Otto cycle was first designed by Nikolaus Otto back in 1876. Otto cycle is more commonly used in four-stroke spark ignition reciprocating engines. Here, during the four strokes, that is when the piston from between TDC and BDC four times, the crankshaft connected to the piston completes two revolutions. We next discuss the ideal Otto cycle. The actual Otto cycle differs from the ideal cycle but for the sake of simplicity and understanding basic ideas, we restrict our discussion only to the ideal cycle. We have shown the ideal Otto cycle and the schematics that take place in the piston in the figures below.

Pressure-volume chart for an ideal Otto cycle [1]
The schematic of the action taking place in the engine working on Otto cycle [1]

The ideal Otto cycle consists of four processes described below

  1. Process 1-2: The piston at the start of this process is at the lowest position (BDC). This process is called isentropic compression. The piston then starts moving upwards, thereby compressing the air-fuel mixture.

  2. Process 2-3: At this process, heat addition at constant volume takes place. In the cylinder, the spark plug ignites the air-fuel mixture. This, in turn, increases the pressure and temperature in the cylinder

  3. Process 3-4: This high pressure pushes the piston back to BDC, thereby isentropic expansion takes place. The crankshaft connected to the piston rod thus rotates and produces a net work. This stroke is thus called the power stroke.

  4. Process 4-1: Heat release takes place in this process. The piston moves back to TDC from the BDC and the combustion products are released through the exhaust valve.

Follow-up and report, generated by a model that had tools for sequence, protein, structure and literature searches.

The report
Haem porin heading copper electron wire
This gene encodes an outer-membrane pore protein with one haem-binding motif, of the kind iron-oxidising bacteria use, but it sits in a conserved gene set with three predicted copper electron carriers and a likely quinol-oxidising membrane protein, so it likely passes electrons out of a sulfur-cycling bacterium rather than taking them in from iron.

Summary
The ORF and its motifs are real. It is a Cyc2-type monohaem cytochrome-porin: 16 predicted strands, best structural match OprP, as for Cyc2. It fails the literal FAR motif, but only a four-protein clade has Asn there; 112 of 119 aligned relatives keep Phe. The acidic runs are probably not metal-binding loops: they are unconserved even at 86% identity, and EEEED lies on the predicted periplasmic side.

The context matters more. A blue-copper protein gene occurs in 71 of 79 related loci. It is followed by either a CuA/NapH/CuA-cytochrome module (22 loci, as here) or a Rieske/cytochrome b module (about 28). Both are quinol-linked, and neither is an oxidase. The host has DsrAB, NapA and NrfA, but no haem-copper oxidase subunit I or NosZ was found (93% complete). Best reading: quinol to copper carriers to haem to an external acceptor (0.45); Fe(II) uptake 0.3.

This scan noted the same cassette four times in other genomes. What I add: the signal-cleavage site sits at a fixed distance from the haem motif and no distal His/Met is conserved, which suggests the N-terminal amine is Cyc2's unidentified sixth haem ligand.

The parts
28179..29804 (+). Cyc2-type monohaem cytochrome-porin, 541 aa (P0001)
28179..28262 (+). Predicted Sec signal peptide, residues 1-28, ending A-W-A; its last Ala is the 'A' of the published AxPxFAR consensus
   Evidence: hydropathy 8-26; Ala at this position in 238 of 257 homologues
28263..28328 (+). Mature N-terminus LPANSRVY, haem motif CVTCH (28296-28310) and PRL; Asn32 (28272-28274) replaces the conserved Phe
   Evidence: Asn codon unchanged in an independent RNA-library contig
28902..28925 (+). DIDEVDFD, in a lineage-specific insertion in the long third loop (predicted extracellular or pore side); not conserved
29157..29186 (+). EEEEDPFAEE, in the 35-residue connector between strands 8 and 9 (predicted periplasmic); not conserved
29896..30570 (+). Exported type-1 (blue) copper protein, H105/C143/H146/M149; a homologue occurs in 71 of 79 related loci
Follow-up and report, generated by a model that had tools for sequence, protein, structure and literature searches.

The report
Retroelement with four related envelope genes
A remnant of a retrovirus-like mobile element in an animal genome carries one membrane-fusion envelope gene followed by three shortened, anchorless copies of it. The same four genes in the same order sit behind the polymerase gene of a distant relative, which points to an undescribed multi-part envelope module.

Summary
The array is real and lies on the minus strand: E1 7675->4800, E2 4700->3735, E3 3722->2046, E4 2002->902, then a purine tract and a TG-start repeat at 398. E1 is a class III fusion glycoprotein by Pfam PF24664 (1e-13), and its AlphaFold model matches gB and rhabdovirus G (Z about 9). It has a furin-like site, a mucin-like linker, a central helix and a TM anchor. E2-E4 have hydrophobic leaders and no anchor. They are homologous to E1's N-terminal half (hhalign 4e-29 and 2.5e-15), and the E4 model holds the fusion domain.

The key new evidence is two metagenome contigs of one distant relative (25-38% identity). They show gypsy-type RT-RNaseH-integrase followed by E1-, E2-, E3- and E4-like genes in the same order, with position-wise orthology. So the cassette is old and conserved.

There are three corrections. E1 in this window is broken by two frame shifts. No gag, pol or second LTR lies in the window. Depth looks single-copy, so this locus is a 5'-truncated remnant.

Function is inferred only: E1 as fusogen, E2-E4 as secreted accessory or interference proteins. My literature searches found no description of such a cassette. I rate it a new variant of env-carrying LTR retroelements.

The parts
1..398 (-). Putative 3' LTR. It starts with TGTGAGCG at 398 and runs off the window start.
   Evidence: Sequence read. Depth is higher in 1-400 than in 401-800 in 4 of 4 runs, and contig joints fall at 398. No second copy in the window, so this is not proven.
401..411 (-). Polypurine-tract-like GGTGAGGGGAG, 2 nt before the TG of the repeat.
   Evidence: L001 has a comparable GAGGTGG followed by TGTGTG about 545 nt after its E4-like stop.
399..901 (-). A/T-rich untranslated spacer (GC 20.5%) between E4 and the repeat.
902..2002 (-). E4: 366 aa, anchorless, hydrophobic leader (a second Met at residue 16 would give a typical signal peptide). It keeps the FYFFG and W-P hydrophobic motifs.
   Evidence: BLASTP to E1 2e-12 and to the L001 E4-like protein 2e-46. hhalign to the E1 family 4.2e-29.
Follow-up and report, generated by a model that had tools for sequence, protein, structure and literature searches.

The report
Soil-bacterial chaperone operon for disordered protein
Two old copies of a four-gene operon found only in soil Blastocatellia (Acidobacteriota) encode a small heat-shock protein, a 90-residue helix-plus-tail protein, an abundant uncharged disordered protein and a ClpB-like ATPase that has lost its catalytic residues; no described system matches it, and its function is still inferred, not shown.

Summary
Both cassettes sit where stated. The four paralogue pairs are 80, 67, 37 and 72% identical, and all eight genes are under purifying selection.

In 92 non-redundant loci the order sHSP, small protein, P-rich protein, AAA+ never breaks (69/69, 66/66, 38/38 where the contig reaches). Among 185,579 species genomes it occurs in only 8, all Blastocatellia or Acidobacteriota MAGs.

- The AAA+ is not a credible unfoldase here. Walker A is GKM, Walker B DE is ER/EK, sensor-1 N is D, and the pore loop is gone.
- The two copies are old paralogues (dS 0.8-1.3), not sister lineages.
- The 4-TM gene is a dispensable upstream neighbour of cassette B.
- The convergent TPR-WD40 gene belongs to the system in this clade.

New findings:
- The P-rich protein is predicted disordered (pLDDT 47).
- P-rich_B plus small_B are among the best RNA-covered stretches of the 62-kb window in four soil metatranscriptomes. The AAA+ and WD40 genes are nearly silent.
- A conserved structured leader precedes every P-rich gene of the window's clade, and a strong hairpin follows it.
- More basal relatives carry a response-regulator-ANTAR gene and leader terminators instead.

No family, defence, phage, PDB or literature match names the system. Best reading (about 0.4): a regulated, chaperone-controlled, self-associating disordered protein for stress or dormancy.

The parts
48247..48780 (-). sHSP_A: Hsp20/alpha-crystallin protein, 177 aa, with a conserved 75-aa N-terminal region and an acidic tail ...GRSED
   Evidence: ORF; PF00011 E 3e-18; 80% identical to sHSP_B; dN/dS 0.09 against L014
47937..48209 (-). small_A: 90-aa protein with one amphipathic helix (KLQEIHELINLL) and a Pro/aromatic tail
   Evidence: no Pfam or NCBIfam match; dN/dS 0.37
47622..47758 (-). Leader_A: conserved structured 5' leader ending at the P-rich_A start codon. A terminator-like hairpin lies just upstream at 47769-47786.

This completes the cycle, thus we see out of the four-stroke, only 1 stroke produces power. There also exists a two-stroke engine in which one is power stroke while the other is the compression stroke.

However, due to the incomplete combustion of products, two-stroke engines are generally less efficient than their four-stroke counterparts. The efficiency of the Otto engine is given by

where r is the compression ratio and k is the specific heat ratio

Diesel cycle

Diesel cycle is an ideal compression-ignition reciprocating engine. The major difference in combustion ignition as compared to that of spark ignition is that, here the during the compression stage, only air is compressed up to an autoignition temperature of the fuel and then fuel is sprayed/injected on this hot air. Thus, in compression ignition engines, only fuel injectors are needed. As only air is compressed, the compression ratios of compression ignition engines are comparatively higher than the spark-ignition engines. We next plot the typical P-v diagram for the Diesel engine and discuss the various processes involved.